Tennis Elbow

Tennis elbow (lateral epicondylitis) is a painful condition that occurs when tendons in your elbow are overloaded, usually by repetitive motions of the wrist and arm.  Despite its name, athletes aren’t the only people who develop tennis elbow. People whose jobs feature the types of motions that can lead to tennis elbow include plumbers, painters, carpenters and butchers.

Symptoms of Tennis Elbow

The pain associated with tennis elbow may radiate from the outside of your elbow into your forearm and wrist.  The pain often begins slowly and gradually worsens over weeks or months.  Pain and weakness may make it difficult to:

  • Shake hands or grip an object
  • Turn a doorknob
  • Hold a coffee cup

Causes Include Sport and Occupational Overuse

  • Overuse: Typically related to repetitive activity either with sport: tennis, weightlifting, golf or with occupation: keyboard entry, painters, plumbers, carpenters, autoworkers, cooks.
  • Age: Most common between ages 30-50, but if related to poor technique can come on at any stage of life.
  • Change In Activity: Frequently symptoms start after a change in type or frequency of activity; either sport, recreational or workrelated.

Physical Therapy Is 90% Successful In Treating Tennis Elbow!

Conservative treatments such as Physical Therapy will be successful in greater than 90% of cases. Better outcomes are achieved when treatment is initiated earlier. Anti-Inflammatory medication and/or a local steroid injection are useful in conjunction with physical therapy to assist in allowing a more progressive exercise program.

  • Relative Rest – A short period of rest from aggravating activities may be needed to initiate healing. Successful PT involves re-introducing activity gradually once the patient is responding to the eccentric exercise program.
  • Ice – Patient education in the use of ice is important. Ice should be applied immediately at the completion of aggravating activities (sport, work, etc).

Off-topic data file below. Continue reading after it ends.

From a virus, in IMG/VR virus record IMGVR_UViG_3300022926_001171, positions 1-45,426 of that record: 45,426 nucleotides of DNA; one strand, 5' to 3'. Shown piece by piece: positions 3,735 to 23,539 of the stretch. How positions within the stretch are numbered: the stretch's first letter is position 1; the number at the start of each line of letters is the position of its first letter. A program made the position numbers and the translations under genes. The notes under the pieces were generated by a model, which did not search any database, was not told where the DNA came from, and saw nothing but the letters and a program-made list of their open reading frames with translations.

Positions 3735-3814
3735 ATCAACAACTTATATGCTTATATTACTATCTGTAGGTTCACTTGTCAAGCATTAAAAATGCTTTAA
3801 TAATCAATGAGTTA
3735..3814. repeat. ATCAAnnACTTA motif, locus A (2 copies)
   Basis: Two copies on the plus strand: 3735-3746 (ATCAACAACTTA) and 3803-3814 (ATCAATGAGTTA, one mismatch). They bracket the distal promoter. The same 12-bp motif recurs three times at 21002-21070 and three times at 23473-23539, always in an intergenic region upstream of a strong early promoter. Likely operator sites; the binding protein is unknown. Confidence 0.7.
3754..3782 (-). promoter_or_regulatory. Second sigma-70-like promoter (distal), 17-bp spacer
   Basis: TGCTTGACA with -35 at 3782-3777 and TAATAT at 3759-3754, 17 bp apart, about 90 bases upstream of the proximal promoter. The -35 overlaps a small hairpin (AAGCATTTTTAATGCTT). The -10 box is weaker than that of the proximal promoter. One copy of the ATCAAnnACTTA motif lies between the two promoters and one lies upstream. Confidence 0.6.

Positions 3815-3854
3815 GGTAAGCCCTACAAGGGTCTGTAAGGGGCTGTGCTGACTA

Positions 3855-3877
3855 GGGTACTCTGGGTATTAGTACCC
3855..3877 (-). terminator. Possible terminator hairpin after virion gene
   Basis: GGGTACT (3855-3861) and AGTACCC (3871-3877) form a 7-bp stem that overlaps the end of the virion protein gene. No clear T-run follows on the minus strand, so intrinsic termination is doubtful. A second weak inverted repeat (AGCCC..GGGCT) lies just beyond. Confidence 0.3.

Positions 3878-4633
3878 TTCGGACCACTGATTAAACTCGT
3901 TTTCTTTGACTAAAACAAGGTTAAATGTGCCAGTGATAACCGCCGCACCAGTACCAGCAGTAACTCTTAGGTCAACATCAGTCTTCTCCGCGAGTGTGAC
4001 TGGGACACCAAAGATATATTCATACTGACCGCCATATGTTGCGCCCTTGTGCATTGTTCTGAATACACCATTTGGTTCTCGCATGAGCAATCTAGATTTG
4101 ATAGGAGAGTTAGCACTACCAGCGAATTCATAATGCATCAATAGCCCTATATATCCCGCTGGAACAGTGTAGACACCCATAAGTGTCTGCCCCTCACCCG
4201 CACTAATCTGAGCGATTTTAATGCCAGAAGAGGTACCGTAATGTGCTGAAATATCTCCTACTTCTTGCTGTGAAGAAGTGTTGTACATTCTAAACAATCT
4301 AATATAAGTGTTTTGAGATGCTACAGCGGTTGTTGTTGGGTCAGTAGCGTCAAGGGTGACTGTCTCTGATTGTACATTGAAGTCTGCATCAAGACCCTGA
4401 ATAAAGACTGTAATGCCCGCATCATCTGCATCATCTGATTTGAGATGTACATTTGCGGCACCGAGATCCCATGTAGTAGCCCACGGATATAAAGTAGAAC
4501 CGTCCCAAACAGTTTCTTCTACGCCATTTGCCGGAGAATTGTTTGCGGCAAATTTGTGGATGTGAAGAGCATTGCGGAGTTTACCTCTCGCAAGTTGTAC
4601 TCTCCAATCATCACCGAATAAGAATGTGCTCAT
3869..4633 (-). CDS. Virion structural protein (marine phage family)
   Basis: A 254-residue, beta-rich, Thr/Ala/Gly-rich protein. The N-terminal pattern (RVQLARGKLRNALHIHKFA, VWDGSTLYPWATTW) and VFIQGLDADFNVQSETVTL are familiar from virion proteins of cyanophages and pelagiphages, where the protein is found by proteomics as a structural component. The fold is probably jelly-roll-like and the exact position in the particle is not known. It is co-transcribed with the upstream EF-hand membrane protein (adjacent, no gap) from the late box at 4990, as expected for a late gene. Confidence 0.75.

• Manual Therapy – SOL Physical Therapy + Performance clinicians apply soft-tissue release techniques  to prevent adhesions at the tendon attachment, and to release tightness in the opposing muscle group (the flexors).  Mobilization treatments may be applied at the cervical spine if involvement is indicated from the assessment.  Joint mobilization to the elbow also helps improve grip strength, decrease pain and improve function.

Don’t wait to feel better, make an appointment at SOL today!


About the author

Sports + Orthopedic Leaders Physical Therapy & Performance Training serves the communities of Oakland, Alameda, Berkeley, Walnut Creek, Orinda, San Francisco and beyond. SOLPT’s award winning team of Physical Therapists, Performance Coaches and movement experts has helped thousands reach their rehabilitation and performance goals to move beyond pain. We're committed to helping anyone of any fitness level move effectively and more powerfully for a lifetime. We offer rehabilitation and performance services to all populations, with specialties in Sports Rehabilitation, Active Release Techniques, and Manual Therapy Techniques plus Personal and Small Group Training, Sport Clinics and Wellness Services.

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